The Deal for Izembek National Wildlife Refuge
Last month, I discussed the opening salvo by Rep. Rob Bishop and the House Natural Resources Subcommittee on Public Lands and Environmental Regulation concerning the National Environmental Policy Act (NEPA). But, as you may remember, it is not just NEPA that Rep. Bishop has his sights on: The Antiquities Act is also a point of focus for the subcommittee. Regardless of rumblings from Rep. Bishop, President Obama recently put his Antiquities Act authority to use and designated five new national monuments. The monuments include the First State National Monument in Delaware and 240,000 acres of high-desert plateau in New Mexico. The move has its supporters in environmentalists, local government officials and congressional delegations. It also has its detractors — among others, the same lawmakers that are looking to curtail the executive prerogative granted by the Antiquities Act.
One Hill standoff did reach a temporary conclusion last week when Secretary of the Interior Ken Salazar agreed to take a second look at approving a proposed gravel road through Izembek National Wildlife Refuge in Alaska.
The refuge is located in the midst of the Aleutian Islands, that long string of islands that juts out from Alaska’s southwest corner. While Izembek is the smallest of Alaska’s wildlife refuges, the U.S. Fish and Wildlife Service has determined it is one of the most ecologically unique based on its wildlife and fish habitats. The refuge itself is remote — remote in a way that many in the lower 48 states may not be able to appreciate. In order to reach the refuge, you must either take a ferry, which serves the bay that abuts the refuge once a month from April through October, or take a once a day flight from Anchorage and then a four-wheel drive vehicle across 40 miles of gravel roads. In other words, you have to really want to get there; Izembek isn’t a place you can just happen upon.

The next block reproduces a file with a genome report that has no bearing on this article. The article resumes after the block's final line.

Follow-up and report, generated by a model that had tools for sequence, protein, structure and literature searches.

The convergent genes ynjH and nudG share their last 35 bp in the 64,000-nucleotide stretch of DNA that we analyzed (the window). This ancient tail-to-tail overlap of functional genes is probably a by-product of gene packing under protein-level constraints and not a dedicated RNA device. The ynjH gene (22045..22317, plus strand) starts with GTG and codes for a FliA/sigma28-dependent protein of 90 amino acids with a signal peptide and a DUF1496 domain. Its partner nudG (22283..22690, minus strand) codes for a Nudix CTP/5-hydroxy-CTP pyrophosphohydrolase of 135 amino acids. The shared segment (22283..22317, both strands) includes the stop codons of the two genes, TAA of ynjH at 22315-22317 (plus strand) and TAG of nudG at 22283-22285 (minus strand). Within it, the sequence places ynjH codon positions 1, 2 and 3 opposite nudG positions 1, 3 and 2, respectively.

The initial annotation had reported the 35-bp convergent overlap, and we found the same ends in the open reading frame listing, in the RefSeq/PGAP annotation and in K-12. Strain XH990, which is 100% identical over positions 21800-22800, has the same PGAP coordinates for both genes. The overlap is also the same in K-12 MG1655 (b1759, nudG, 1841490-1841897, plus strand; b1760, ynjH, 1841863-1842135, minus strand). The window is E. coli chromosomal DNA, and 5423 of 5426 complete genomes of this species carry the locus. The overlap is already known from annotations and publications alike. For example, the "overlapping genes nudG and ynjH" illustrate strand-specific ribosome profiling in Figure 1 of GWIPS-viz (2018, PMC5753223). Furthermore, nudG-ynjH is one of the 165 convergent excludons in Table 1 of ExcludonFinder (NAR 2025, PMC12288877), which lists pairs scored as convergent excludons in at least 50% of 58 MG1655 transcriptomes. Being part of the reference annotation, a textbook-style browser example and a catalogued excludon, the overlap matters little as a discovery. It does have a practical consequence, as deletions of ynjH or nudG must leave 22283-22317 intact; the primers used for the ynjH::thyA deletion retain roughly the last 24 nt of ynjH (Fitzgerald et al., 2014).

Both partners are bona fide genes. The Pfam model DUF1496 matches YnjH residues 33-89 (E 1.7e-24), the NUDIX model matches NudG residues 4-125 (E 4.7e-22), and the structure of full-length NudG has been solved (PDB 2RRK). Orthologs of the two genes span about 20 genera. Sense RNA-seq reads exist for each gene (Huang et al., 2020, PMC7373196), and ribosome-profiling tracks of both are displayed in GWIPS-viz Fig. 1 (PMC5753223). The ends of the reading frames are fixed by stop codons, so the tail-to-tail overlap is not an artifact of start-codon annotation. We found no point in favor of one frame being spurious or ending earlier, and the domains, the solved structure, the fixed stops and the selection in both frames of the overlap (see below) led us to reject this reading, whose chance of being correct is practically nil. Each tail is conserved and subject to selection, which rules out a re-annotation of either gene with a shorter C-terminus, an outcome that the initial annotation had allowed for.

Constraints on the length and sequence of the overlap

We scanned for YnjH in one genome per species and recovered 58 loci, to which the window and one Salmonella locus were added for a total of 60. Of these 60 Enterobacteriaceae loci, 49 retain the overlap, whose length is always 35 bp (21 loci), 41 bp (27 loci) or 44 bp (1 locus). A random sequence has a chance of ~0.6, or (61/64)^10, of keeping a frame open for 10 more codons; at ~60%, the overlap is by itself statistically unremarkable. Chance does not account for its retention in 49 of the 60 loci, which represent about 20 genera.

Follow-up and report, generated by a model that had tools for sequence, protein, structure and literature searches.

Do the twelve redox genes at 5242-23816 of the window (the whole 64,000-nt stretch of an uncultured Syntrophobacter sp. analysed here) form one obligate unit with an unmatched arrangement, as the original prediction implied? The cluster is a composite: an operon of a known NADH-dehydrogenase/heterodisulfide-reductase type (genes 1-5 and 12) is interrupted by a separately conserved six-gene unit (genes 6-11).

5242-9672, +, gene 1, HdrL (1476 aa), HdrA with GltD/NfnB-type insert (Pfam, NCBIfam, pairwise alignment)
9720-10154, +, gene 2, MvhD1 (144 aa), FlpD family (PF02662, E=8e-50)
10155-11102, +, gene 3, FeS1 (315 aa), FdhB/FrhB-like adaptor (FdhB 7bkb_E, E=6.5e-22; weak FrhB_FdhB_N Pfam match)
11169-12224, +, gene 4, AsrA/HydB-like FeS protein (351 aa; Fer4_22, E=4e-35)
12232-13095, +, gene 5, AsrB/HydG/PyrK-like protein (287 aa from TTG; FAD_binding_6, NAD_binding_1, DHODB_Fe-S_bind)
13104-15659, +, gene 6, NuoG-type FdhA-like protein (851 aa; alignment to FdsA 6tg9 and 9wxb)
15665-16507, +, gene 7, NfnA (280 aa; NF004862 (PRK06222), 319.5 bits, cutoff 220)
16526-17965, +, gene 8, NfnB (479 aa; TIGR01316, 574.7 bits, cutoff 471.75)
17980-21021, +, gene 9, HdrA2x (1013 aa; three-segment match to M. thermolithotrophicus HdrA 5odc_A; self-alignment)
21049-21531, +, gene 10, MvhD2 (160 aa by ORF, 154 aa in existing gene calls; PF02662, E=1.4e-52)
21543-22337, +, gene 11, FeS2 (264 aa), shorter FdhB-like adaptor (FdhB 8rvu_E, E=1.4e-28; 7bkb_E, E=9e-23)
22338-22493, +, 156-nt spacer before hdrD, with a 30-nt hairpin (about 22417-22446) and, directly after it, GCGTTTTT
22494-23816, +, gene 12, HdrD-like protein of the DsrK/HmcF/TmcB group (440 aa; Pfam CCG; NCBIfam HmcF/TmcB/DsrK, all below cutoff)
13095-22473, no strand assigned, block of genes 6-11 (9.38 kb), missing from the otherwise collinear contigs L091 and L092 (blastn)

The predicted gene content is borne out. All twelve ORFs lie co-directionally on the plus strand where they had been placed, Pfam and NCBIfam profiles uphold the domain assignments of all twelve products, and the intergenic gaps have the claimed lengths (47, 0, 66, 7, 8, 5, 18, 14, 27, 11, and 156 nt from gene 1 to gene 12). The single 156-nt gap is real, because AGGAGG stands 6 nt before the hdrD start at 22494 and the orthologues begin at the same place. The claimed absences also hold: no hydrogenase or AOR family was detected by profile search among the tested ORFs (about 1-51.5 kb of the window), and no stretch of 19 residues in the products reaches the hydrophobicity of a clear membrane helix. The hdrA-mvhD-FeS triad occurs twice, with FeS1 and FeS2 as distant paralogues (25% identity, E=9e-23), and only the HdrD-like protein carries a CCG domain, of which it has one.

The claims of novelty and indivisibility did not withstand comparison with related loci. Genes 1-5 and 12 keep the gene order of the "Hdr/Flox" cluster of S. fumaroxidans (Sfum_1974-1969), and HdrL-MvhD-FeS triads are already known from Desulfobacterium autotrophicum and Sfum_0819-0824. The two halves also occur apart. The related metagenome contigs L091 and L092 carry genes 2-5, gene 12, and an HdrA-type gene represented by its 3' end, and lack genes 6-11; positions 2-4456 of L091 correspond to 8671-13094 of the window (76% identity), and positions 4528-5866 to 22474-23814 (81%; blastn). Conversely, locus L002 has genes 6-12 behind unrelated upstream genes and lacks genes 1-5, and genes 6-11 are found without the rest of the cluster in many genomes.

In 2009, Congress authorized a land exchange within Izembek National Wildlife Refuge for lands owned by Alaska and the King Cove Corporation (a tribal organization) in order to construct a single lane gravel road to connect the King Cove and Cold Bay communities. This proposed road would run through the refuge and the inset Izembek Wilderness. Its purpose would be for the health and safety of the communities, while prohibiting commercial purposes outside of public transportation. The draft environmental impact statement (EIS) compared the impacts of building the road with five alternative actions: no action, a more southern road alignment, a central road alignment, hovercraft service and six-day-a-week ferry service with an updated ferry terminal. Each alternative would impact the amount and location of the land exchange.
When the Fish and Wildlife Service announced that it would choose the “no action” alternative, the response was a mixture of celebration from many environmental groups and ire from area residents and the Alaska congressional delegation. Senator Lisa Murkowski announced that she would put a hold on the nomination of Sally Jewell to be the new secretary of the interior until this decision was revisited. Last Wednesday, a deal was struck: Current Secretary Ken Salazar agreed to additional environmental reviews of the proposed road in exchange for Senator Murkowski lifting her hold on Sally Jewell. On Thursday morning, the Senate Energy and Natural Resources Committee voted on Jewell’s nomination, advancing her to the full Senate.
So now the ball is back in the Interior Department’s court. Secretary Salazar directed that additional consultations take place with the relevant tribal governments, as well as a public meeting to take place in King Cove to gather more testimony on the proposed road. Once these further steps are accomplished, Interior will review all available information, including the EIS, and make its final decision. And when Interior’s final decision is made, chances are, it will be Sally Jewell at the helm of the agency as the newly confirmed secretary.